Nestled in the northwestern corner of Italy is the vibrant city of Torino — city that boasts beautiful plazas, gorgeous views, and of course the hidden gem that is Archivio Tipografico. Davide Tomatis, a cheerful member of the type-based shop, was able to take a minute between press runs to talk shop, the overflowing array of rare type and the joy of coming home to his letterpress “family” on the weekends.
(from left to right: Emanuele Mensa (our mentor!), Davide Tomatis, Davide Eucalipto, Anna Follo, Nello Russo, and Gabriele Fumero)
LETTERPRESS ADDICT I am not a conventional printer… I’m primarily a graphic designer addicted to good type, and I’ve always been fascinated by type in all of their shapes and typologies. About three years ago, I found a letterpress workshop online in my hometown. My brain stopped for a second watching the screen, and I remember thinking something along the lines of “what the hell are those wooden letters? Did there really exist a printing technology before the inkjet printer?”
LOVE AT FIRST SIGHT When I entered a printshop for the first time, I was 20 years old and knew nothing about typography, but it was clear to me that I needed to learn everything about that world. Back then, Archivio Tipografico was “just” a huge collection, not a real printshop as it is right now. I started working there in my spare time, cleaning old type and ordering them in their drawers. During the following two years the team got bigger, and now it is comprised of six people (Anna, Davide, Emanuele, Gabriele, Nello, and me).
INKING UP IN ITALY Archivio Tipografico is a really big printshop: housing more than 1,600 type drawers, one flatbed press, five platen-presses and two proof-presses. As I said before, it’s not mine but I’m a part of it. We don’t like to think that there exists an owner of the printshop — we see it as the home of our typographic family. Our shop is located in Torino, Italy, and the “letterpress revival” phenomenon is still in its early days here. There are some old little printshops that still use platen and flatbed presses, but we are the only printshop in our area to integrate graphic design, digital tools and traditional printing techniques.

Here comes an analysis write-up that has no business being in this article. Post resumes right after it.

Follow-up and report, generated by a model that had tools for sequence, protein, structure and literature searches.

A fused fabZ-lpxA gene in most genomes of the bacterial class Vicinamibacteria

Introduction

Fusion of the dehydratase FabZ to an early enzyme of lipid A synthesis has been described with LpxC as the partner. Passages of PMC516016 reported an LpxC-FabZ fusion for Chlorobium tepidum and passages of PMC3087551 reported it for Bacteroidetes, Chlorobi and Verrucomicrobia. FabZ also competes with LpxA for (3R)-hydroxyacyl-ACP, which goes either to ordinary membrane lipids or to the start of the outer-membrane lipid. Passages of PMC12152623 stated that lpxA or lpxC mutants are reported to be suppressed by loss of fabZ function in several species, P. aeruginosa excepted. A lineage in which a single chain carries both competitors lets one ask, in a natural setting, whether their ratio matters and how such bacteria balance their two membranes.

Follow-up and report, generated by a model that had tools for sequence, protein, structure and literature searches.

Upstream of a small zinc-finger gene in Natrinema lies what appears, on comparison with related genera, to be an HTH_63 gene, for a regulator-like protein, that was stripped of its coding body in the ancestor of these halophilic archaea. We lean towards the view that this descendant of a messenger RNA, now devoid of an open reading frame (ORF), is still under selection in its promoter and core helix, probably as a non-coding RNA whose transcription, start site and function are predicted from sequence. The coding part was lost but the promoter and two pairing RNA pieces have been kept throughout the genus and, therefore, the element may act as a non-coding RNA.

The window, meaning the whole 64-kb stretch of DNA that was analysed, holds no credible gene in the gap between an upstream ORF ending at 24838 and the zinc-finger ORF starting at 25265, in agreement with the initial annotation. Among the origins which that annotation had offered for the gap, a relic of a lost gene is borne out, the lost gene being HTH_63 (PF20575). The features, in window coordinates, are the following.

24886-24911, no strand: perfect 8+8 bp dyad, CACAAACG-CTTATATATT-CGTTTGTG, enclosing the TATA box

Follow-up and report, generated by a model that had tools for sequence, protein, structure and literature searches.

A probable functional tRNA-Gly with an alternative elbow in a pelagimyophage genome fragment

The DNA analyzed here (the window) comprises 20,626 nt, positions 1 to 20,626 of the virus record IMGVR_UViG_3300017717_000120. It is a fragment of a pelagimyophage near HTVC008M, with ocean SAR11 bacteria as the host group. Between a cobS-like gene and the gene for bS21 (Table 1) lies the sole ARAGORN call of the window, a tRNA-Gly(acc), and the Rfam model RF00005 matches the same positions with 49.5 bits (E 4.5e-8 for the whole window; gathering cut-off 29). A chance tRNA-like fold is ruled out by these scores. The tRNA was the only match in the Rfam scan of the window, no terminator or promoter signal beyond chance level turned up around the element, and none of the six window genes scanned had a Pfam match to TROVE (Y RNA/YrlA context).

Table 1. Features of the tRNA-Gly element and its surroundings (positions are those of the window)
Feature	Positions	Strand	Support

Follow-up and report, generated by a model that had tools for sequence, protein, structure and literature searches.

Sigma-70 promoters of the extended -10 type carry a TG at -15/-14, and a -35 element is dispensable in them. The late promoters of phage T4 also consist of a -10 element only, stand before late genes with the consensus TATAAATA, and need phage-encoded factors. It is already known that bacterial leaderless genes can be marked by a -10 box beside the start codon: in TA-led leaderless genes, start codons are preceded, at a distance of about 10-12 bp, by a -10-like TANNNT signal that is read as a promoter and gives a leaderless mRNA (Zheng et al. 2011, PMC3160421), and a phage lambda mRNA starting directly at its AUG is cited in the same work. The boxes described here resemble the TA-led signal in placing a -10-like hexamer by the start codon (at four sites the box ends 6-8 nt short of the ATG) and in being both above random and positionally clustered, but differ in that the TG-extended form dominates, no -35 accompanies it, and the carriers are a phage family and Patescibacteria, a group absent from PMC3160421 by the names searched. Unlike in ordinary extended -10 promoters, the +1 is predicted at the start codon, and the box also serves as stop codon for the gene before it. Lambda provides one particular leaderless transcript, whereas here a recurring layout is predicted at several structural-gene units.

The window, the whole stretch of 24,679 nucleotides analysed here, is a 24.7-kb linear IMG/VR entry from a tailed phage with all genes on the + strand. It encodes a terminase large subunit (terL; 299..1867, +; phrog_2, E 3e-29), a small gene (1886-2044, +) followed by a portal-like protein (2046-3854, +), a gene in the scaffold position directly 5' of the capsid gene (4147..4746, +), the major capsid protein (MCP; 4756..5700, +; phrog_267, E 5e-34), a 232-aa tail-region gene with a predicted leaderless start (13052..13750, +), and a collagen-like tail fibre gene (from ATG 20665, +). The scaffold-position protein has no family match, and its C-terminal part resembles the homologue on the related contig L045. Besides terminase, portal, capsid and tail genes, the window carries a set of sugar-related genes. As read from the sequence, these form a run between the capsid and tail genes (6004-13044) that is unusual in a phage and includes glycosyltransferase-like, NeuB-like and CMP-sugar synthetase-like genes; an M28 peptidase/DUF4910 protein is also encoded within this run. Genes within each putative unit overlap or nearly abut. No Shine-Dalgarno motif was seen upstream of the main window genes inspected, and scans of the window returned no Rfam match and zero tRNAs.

Speaking of exceptional printers, just out of town there’s Enrico Tallone, a great friend of ours and the last Italian publisher that is still composing and printing his books by hand only using movable type. We often visit each other to see the latest printed matter!
THE BEAUTIFUL TYPE Our collection comes from the dismissal of other printshops in Piemonte (our region) and Liguria. So most of the specimens and typefaces are obviously from Italian Foundries like “Nebiolo” (that was located in Torino) or “Reggiani” (in Milano). We own specimens of nearly all the typefaces designed by Aldo Novarese, one of the most prolific type designers ever and our national “type hero”.
We generally like to use Italian type to revive that “geolocation” effect that got lost with the possibility of having an endless choice of digital typefaces. I think the rarest typefaces we have are “Inkunabula”, a typeface designed by Raffaello Bertieri in 1921 for “Società Augusta” (the previous name of Nebiolo) and “Fontanesi”, a really elaborate ornate typeface designed by Aldo Novarese in 1954 for the Nebiolo foundry.